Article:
I recently read an article in the New York Times by Caitlin Doughty called “If You Want to Give Something Back to Nature, Give Your Body” about human composting or natural organic reduction.The rituals of death and how we navigate them as a society have always fascinated me.

The process Doughty describes is revolutionary in terms of burial practice and environmental practices. Since I read Jessica Mittford’s 1963 “The American Way of Death”, an expose on the funeral industry, I have thought of embalming as a horrific practice. Human composting is the antithesis of embalming. I think it is fitting that we evaluate all our practices in terms of their environmental impact.

I was searching out antique invoices to work with and came across this beautiful 1922 invoice from Portland Oregon for embalming supplies. I appreciate the contrast of the beauty of the letterhead illustration with the awfulness of the drain tubes listed below. Mysteriously, the invoice was being sold in Canada. I wonder how it got there?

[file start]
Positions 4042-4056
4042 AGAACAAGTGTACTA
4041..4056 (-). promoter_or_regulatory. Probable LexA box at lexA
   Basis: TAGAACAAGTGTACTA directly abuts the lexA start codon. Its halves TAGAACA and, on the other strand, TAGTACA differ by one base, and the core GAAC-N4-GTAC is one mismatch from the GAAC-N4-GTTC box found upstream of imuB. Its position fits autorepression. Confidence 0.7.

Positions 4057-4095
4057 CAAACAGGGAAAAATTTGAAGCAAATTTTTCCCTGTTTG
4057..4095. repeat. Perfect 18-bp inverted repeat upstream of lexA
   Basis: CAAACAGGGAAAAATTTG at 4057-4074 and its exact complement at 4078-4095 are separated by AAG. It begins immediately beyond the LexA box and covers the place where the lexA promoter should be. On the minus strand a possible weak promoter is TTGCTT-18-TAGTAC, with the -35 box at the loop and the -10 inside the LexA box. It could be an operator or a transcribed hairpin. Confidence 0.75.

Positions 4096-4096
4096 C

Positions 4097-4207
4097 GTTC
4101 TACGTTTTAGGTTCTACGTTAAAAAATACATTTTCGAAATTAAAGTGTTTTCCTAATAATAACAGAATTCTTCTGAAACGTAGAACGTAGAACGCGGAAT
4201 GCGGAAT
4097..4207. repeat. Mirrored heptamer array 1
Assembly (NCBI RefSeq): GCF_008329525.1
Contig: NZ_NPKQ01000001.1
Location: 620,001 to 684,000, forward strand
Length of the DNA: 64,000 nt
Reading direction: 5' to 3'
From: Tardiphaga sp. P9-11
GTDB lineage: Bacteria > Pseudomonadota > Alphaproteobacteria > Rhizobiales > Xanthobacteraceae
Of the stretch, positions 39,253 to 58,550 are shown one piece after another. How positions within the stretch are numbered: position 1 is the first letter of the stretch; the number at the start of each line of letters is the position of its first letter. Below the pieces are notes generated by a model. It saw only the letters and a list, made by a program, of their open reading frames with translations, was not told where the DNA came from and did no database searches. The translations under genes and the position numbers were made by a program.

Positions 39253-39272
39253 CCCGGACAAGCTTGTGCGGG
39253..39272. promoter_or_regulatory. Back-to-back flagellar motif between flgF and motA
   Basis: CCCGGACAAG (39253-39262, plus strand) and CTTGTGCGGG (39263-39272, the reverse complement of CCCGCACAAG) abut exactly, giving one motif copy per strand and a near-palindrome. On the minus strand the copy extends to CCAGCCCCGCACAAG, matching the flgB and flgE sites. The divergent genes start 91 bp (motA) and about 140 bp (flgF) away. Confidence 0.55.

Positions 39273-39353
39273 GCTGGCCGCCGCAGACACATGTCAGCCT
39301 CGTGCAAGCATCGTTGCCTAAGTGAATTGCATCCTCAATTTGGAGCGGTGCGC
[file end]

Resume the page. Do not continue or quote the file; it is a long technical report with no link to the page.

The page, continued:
I could not help but be inspired by the human composting article. The hands are from a vintage prayer card and are a strange unnatural hue with the ultra pink and deep purple, which put me in mind of how embalming fluid works with dyes to give a “life-like” appearance to the deceased. The mushrooms become a halo, radiating out, life coming from death. Another piece that also uses this concept is “Death Certificate.”

I am interested in using elements that mimic others although they are not similar at all, for instance the fungus becomes sleeves. I also enjoy the challenge of working with invoices that have an assertive image with strong design. The process becomes something of collaboration, I have to find a way to create something that complements and hopefully enhances what is already there.

See more works from the “Death Becomes Her” here.